Swallowing spiders? Nightcap? These are the debunked sleep myths Americans still believe
Nearly a quarter of Americans incorrectly think they can train their body to function on less sleep than needed, according to new research.
Other sleeping myths Americans believe include: the older you get, the less sleep you need (29 percent) and the brain is inactive during sleep (21 percent).
Even more shocking is the 20 percent who believed the myth that you swallow eight spiders per year while you sleep.
Conducted by OnePoll on behalf of Mattress Advisor, the survey tested the knowledge of 2,000 Americans to see just how much they know about the science of sleep and whether certain myths hold truth.
Despite the fact that 70 percent said they were knowledgeable about the science of slumber, respondents did believe some potentially harmful statements regarding sleep.
Thirty-two percent of respondents believe in the benefits of a nightcap, in spite of the potential dangers of drinking alcohol and sleeping.
A further three in 10 also believe that watching television or spending time on a smartphone or tablet will help you fall asleep. In actuality, the blue light emitted from screens affect the brain’s ability to produce melatonin, which tells the body when it’s time to sleep.
Nearly 40 percent of respondents did correctly say it’s true that having sex before sleeping helps you sleep.
This knowledge perhaps comes from personal experience, as 67 percent agreed that they themselves notice getting a better night’s sleep after having sex.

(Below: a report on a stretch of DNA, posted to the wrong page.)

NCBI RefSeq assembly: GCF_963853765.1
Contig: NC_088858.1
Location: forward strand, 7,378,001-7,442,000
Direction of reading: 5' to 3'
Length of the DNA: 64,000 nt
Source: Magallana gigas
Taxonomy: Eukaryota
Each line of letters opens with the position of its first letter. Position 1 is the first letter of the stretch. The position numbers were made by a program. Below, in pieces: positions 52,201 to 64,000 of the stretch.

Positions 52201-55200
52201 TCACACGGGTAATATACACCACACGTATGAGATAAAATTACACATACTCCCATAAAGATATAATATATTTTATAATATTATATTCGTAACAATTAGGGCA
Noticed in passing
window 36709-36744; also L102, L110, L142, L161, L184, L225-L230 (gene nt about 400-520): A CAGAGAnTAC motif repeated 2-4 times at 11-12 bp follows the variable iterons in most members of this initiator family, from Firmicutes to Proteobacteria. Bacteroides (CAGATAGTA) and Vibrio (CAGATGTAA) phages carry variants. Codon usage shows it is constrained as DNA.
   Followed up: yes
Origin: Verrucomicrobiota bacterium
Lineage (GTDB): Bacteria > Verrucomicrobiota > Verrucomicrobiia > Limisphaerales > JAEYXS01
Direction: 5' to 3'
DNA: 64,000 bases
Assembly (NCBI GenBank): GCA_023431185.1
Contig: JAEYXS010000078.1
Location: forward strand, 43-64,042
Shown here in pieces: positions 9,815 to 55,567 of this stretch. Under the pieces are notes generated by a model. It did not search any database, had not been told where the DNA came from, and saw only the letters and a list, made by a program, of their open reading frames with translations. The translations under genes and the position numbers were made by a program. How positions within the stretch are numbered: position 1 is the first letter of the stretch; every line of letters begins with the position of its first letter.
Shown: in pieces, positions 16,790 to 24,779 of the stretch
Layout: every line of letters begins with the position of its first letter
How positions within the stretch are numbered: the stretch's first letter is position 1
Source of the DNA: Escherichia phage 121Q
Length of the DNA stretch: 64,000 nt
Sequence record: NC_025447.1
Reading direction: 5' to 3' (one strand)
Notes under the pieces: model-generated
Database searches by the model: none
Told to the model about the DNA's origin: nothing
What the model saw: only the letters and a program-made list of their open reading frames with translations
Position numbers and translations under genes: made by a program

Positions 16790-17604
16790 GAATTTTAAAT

Respondents were also asked to properly identify certain sleep terms — and over half of respondents either did not know or chose an incorrect definition when asked to define circadian rhythm.
Rather than correctly defining this as the body’s natural clock that regulates when to sleep and wake, 15 percent actually believed circadian rhythm was the proper term for the body’s blood flow.
Furthermore, only about 30 percent of respondents correctly identified REM sleep and sleep-wake homeostasis — the last stage in a full sleep cycle and the body’s way of keeping track of the need for sleep, respectively.
“Sleep impacts literally every system in your body,” said Alesandra Woolley, Executive Editor of Mattress Advisor. “However, it’s a field that’s far less researched and not talked about enough, so it’s easy to make assumptions based on false information.”
Americans are more knowledgeable about sleep disorders, however; with over half of respondents properly identifying the definitions of insomnia, sleep apnea and narcolepsy.
Still, over half of respondents also believed that snoring is completely healthy and nothing to be worried about.
When, in fact, snoring can often be a sign of a more serious medical condition — such as sleep apnea.
Most respondents did not know the hard numbers regarding the sleep cycle, however.
A measly 7 percent correctly estimated the length of an average sleep cycle — approximately 90 minutes — and only 15 percent correctly said there are four stages of sleep.
“As with anything related to your personal health, knowledge is power,” said Woolley. “Whether it’s tips for sleeping in a certain environment or products that can help you sleep better, the more you know about the behaviors that promote quality sleep, the better chance you have of improving your sleep health.”
TOP 10 SLEEPING MYTHS AMERICANS BELIEVE
- Drinking alcohol before bed helps you sleep 32%
- Watching TV/using a smartphone/tablet/computer helps you fall asleep 30%
- The older you get, the less sleep you need 29%
- Some people don’t dream at all 25%
- Sleeping on your left side helps digestion 25%
- You can train your body to function on less sleep than needed 24%
- Working out at night makes it harder to fall asleep 23%
- You can “make up” for lost sleep over the weekend 23%
- Falling asleep with wet hair will give you a cold 23%
- An hour of sleep before midnight is worth more than two after 23%
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